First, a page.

Taking out sugar
While diabetics may know to reduce sugar in their diet, a study published on-line May 29 in Diabetologia examined how fiber intake may be beneficial, too. Researchers from Wageningen University in The Netherlands used data from the European Prospective Investigation into Cancer and Nutrition (EPIC)-InterAct study and a meta-analysis of prospective studies. They identified 11,559 people with type 2 diabetes during 10.8 years of follow-up, and a sub-cohort of 15,258 people was selected for a case-cohort study.
The EPIC-InterAct study showed that a high intake of total fiber was associated with an 18% lower risk of incident type 2 diabetes when compared to a low intake of fiber after adjustments were made for lifestyle and dietary factors. The findings from the meta-analysis supported an inverse association between total fiber and cereal fiber intake and risk of type 2 diabetes, with a 9% lower risk for total fiber and a 25% lower risk for cereal fiber per 10 grams a day.
A white paper from Sensus talks about how inulin may be used to develop products that support healthy blood glucose levels. Since it is a carbohydrate that is not broken down or digested into simple sugars by the upper human digestive tract, inulin will not affect the blood glucose level, according to the white paper. Instead, inulin reaches the large intestinal tract and is fermented by the gut microbiota.
There are limits on how much sugar inulin may replace in a formulation.
“You probably would max out on fiber before you would use it as a total sugar reducer,” Ms. Lowry said. “You wouldn’t want to add more than 5 grams of fiber. Then you would take whatever sugar reduction comes with that.”
The sweetness level of inulin depends on its degree of polymerization (DP) and chain lengths. Inulin may have chain lengths ranging from DP 2 to DP 60. Oligofructose, a subset of inulin, may have chain lengths ranging from DP 2 to DP 10, Mr. Estal said.
“The longer the chain length, the less sweet it is, but then the shorter the chain length, the more sweet it is,” Ms. Lowry said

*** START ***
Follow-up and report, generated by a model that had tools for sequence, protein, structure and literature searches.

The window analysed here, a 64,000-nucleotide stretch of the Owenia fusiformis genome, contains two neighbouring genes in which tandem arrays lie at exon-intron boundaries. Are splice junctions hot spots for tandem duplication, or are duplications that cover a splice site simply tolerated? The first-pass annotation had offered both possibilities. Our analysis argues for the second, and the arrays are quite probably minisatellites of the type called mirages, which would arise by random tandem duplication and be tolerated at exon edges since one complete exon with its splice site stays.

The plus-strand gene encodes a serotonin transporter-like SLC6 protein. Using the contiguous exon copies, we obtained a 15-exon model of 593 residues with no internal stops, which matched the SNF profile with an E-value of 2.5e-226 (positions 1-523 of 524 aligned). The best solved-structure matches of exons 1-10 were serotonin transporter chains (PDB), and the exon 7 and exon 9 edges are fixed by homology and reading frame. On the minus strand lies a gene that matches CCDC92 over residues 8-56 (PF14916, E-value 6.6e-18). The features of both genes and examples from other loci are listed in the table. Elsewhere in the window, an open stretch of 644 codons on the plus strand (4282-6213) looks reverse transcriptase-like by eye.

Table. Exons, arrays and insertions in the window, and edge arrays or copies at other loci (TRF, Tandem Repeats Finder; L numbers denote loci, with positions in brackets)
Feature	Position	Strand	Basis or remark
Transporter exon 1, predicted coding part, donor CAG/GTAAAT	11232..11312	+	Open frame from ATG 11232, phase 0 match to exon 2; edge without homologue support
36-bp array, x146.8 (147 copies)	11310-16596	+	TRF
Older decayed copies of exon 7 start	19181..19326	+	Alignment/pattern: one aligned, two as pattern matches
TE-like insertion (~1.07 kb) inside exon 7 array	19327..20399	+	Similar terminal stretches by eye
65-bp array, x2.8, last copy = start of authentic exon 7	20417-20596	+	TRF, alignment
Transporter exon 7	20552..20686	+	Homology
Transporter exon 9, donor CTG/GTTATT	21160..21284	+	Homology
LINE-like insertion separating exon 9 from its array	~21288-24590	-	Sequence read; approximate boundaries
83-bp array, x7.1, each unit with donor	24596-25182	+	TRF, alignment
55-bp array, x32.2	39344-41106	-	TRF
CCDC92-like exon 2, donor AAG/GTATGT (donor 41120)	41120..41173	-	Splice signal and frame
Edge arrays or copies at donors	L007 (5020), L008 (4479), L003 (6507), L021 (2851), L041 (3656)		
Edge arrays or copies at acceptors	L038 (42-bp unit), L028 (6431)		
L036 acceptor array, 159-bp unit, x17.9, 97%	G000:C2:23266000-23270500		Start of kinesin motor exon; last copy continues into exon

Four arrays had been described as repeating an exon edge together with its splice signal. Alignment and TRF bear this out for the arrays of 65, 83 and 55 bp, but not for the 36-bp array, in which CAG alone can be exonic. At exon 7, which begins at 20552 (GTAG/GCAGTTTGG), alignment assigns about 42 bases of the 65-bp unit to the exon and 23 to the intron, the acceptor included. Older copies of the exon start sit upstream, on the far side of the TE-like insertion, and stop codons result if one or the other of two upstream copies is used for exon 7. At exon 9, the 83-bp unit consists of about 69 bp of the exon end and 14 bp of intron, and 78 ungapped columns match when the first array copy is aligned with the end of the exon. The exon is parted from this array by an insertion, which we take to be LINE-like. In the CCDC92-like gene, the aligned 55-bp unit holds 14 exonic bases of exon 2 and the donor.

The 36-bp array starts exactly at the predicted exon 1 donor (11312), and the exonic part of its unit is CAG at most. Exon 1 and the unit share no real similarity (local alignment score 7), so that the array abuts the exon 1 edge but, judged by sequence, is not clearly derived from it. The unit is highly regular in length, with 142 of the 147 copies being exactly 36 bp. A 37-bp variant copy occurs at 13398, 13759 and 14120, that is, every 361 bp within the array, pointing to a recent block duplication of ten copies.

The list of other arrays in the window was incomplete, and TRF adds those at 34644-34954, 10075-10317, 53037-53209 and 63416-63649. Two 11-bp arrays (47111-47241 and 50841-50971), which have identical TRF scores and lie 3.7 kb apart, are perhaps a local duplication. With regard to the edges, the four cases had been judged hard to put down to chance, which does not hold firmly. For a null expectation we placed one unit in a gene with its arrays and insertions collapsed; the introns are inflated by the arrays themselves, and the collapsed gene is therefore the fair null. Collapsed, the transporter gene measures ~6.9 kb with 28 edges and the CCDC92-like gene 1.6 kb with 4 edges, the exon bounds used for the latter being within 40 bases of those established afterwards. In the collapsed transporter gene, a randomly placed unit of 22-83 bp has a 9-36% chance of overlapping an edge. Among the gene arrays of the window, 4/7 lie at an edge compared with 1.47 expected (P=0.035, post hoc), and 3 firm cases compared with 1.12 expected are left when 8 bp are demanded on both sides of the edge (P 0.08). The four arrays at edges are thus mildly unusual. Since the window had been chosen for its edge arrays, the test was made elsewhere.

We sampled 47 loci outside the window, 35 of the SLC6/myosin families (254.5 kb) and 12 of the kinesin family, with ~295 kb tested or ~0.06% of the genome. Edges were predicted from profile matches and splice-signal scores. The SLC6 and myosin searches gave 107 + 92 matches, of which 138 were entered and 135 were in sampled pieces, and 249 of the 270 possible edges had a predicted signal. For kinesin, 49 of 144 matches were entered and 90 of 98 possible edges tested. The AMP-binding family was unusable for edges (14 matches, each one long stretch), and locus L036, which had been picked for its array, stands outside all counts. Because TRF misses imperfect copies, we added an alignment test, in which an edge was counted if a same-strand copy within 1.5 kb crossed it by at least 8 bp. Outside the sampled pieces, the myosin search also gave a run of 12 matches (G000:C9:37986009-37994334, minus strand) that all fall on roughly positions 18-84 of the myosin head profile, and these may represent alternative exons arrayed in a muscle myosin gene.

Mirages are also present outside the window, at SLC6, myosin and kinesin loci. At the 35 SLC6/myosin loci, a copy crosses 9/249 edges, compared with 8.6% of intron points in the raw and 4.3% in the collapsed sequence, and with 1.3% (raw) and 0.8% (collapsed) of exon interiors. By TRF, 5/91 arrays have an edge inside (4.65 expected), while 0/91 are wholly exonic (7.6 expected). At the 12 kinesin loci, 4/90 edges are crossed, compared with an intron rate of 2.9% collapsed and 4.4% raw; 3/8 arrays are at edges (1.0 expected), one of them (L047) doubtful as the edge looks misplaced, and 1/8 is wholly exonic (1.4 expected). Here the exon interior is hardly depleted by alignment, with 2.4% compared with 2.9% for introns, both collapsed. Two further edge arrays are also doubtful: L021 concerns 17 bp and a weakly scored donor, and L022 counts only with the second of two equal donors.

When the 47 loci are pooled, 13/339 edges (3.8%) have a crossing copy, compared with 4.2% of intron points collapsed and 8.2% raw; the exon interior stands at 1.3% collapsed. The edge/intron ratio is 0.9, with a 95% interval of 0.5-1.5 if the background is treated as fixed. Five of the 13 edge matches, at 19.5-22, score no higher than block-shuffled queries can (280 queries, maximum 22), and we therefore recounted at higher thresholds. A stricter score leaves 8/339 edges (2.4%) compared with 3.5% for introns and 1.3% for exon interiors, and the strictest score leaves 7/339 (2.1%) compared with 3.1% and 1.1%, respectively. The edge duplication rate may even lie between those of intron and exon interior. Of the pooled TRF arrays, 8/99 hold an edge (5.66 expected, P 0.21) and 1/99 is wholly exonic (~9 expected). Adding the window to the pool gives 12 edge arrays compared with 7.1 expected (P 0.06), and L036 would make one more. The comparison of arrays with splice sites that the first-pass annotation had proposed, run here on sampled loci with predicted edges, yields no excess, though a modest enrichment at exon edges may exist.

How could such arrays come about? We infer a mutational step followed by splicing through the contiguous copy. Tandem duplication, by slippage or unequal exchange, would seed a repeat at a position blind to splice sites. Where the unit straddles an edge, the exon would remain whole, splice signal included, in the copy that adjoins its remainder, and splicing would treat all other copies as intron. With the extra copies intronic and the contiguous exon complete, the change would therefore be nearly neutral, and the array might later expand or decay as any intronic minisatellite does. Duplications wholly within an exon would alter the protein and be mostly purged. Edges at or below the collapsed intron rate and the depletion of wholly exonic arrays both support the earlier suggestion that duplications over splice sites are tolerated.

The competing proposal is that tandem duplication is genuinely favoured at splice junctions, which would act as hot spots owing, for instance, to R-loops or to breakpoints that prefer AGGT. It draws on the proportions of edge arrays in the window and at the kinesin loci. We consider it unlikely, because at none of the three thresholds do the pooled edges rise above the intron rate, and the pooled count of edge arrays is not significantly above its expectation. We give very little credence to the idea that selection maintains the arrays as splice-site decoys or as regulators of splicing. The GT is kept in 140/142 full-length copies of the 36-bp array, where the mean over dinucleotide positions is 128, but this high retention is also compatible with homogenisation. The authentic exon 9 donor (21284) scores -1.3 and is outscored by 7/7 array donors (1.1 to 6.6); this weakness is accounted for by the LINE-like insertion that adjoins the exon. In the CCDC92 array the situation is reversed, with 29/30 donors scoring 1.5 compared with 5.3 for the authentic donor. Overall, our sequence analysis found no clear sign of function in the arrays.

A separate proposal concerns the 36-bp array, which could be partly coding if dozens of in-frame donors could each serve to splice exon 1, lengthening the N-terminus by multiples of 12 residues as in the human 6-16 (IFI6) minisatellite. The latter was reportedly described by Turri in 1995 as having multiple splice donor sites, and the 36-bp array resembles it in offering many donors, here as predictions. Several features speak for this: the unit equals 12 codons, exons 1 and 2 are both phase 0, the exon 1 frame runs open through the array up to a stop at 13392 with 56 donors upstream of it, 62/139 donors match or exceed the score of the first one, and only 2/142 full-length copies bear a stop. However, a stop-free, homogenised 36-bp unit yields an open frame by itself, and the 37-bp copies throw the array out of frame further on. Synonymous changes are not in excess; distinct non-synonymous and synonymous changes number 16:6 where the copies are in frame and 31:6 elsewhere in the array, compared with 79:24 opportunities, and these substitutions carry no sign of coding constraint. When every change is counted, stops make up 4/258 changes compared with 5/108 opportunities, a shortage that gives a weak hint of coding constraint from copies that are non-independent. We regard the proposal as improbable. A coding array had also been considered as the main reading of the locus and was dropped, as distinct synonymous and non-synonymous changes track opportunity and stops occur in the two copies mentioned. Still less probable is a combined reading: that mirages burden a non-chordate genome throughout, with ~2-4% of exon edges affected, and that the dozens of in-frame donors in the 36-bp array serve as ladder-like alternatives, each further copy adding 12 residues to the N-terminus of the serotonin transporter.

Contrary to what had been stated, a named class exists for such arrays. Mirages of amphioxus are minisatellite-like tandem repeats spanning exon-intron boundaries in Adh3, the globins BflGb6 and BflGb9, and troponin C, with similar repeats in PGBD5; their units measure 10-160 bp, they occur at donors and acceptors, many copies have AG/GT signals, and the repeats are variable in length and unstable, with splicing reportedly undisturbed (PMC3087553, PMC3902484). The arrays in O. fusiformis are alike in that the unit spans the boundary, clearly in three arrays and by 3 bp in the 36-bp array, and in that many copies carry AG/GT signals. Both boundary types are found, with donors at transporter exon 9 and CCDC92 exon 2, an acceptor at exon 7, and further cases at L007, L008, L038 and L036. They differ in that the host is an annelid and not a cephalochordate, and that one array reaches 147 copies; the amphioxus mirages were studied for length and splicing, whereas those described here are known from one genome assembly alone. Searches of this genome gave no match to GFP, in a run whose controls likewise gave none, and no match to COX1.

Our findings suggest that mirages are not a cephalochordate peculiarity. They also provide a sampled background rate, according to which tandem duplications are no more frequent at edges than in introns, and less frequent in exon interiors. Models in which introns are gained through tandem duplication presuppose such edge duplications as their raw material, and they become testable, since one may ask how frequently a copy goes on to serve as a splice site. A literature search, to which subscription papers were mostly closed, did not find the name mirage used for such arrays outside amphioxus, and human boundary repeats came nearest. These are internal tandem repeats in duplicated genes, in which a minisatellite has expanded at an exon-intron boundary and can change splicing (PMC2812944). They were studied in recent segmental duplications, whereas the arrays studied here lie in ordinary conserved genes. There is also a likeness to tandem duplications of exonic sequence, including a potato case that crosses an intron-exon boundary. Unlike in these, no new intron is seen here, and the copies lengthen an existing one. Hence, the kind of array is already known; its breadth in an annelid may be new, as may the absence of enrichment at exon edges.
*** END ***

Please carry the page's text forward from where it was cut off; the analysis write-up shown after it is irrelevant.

Sensus offers Frutafit inulin and Frutafit oligofructose as sugar replacers. The company offers a Frutalose SF 75 sweet chicory root fiber ingredient that is 75% dietary fiber and 65% as sweet as sugar. Food manufacturers also may combine inulin with high-intensity sweeteners such as sucralose or steviol glycosides to add more sweetness, according to Sensus.
Litesse polydextrose also may replace a certain amount of sugar in formulations.
“When reducing sugar, polydextrose would be used together with a low-calorie or no-calorie sweetener,” Mr. Espinoza said. “It provides the texture that is lost when sugar is
replaced by non-nutritive sweeteners. For example, in a snack cake, polydextrose could be used in the cake, filling and frosting and icing to add to the total fiber and assist in sugar/calorie reduction.”
He said replacing 30% of the sugar with Litesse in a cookie formulation may result in a calorie reduction of about 10%.
Fiber may provide other benefits as well.
Polydextrose may improve storage stability and may improve texture and taste, especially in reduced-sugar/reduced-calorie/reduced-fat bakery items, Mr. Espinoza said.
In cereal bars, oligofructose may act as a binder, a source of sweetness and a humectant, Mr. Estal said and added longer-chain inulin has been shown to help provide structure in gluten-free formulations.
When using inulin, possible declarations on a product’s ingredient list are oligofructose, inulin, fructooligosaccharides and chicory root fiber, Mr. Estal said.
“There are a lot of different ways you can label it,” Ms. Lowry said. “You can label it inulin. You can label it oligosaccharides. Depending on the type, you could label it as FOS or fructooligosaccharides. You can label it chicory root fiber, chicory root extract.”